Being Buried With Your Dog: Sweet or Cruel?
When you die, would you ever stipulate in your will that you want to be buried with your dog even if it means putting your dog down?
Is demanding to be buried with your dog a loving act or a selfish one?
What if the dog we’re talking about is perfectly healthy and would otherwise outlive you? What if the demand meant having to put that dog to sleep just so it can be interred by your side?
A former colleague of mine posted something on his Facebook page about a woman who stipulated in her will that she be buried with her dog. He posted a photo of a dog that I assume is the dog in question, a chocolate brown Shih Tzu mix. The dog, he noted, has already been put to sleep and cremated so it can be interred with the loving owner.
It’s a story he said he’s working on, so there’s nothing beyond that to share at this point.
Is it something that’s even legal? Legacy.com says that might depend on where you live. Some states do allow someone to be buried with pets, but some don’t. Some allow cemeteries to set their own rules about how such a request is handled.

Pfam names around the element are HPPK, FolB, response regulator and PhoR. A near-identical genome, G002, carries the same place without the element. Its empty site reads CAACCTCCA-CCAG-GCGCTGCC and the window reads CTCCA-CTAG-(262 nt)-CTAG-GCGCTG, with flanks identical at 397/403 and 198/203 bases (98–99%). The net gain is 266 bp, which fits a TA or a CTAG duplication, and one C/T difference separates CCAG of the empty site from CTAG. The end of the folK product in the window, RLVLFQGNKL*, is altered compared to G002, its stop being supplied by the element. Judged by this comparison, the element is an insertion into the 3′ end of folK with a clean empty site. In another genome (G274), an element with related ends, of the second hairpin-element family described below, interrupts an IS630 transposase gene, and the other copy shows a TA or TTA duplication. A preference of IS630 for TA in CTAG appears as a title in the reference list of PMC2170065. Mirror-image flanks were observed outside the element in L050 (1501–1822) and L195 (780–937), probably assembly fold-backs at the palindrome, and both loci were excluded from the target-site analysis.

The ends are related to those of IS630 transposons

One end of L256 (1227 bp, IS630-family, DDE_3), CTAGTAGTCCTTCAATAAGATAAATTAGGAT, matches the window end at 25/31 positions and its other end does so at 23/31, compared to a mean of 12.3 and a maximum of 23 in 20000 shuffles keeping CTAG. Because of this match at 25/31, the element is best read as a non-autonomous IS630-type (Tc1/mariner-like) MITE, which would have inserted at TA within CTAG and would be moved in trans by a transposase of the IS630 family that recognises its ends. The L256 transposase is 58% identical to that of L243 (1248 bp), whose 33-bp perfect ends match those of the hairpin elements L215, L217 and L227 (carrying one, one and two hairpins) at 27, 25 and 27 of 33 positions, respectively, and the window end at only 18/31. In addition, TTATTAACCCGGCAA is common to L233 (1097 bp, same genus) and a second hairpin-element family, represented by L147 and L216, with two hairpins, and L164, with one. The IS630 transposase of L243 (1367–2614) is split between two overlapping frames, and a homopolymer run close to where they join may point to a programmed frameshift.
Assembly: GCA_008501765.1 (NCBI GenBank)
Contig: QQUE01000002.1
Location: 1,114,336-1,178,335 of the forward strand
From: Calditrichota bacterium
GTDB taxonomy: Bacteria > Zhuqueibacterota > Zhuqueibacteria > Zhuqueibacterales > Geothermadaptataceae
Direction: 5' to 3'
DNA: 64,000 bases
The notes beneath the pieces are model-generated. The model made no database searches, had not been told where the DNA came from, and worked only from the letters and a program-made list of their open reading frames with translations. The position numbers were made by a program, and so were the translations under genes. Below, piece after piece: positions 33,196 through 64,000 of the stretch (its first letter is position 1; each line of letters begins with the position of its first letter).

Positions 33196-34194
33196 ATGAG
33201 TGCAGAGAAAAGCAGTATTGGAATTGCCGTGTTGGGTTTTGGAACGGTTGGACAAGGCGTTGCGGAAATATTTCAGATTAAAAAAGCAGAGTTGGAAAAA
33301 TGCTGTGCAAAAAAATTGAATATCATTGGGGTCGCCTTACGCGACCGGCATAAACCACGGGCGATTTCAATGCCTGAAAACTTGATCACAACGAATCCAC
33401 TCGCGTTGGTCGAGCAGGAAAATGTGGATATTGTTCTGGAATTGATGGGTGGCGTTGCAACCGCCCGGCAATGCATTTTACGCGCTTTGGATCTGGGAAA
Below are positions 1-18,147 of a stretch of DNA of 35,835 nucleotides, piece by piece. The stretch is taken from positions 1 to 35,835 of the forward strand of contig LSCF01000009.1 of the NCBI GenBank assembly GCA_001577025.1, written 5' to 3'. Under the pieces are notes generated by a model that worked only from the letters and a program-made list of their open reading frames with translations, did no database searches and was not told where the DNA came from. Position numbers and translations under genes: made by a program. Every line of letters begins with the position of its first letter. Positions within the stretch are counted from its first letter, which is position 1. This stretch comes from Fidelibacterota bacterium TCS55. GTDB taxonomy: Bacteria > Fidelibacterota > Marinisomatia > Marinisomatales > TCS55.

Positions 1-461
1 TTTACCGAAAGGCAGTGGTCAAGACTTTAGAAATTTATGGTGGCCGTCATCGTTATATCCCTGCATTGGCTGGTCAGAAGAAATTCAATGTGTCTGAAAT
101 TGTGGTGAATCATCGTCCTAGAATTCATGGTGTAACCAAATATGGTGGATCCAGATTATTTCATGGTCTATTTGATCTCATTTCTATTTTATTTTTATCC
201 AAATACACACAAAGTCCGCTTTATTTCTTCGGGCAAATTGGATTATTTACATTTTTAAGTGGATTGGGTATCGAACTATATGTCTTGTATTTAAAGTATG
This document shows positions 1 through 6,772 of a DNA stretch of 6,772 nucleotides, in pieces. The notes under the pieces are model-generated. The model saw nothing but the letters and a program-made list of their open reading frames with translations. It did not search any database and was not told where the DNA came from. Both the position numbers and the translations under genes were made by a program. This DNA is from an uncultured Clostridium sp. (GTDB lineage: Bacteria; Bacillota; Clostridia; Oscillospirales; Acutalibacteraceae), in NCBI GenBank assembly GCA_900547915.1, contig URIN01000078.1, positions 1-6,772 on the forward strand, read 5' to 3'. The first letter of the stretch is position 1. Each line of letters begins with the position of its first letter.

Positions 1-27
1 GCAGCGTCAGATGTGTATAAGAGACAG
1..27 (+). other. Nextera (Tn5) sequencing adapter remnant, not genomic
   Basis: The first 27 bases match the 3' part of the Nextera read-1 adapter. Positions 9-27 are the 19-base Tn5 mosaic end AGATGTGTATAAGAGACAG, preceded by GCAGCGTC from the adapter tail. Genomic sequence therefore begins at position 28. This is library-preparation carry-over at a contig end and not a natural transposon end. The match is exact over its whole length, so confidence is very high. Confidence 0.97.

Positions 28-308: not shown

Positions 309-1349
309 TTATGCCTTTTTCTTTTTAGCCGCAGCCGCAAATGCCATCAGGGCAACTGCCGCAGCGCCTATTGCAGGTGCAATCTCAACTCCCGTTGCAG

But what if your dog outlives you?
I have the cremated remains of my last Collie. And assuming I outlive my current one, I’ll one day have his as well.
My dogs are very special to me, and I understand the idea of wanting them to accompany you for eternity. It’s a sweet, loving idea. I don’t see it as all that different from people wanting to be buried alongside family members who have passed on before them in the same area of a cemetery.
But as much as I love my dogs, I’d never even think of demanding that they be put to sleep so their ashes can go with me.
I can’t imagine wanting to deprive them of whatever life they have left, even if it means having to live it without me.
The comments on his post, as you might imagine, are accusing the person of being horribly selfish. One even asked if the dog was available for adoption. My friend said it has already been euthanized and cremated.
I believe that when I get to Heaven, I’ll be reunited with the dogs I’ve owned over my life. I can’t honestly imagine it being Heaven if the dogs that have meant so much to me aren’t there. Regardless of where they’re buried or when they pass, I believe they’ll be there.
That, for me, is more than enough.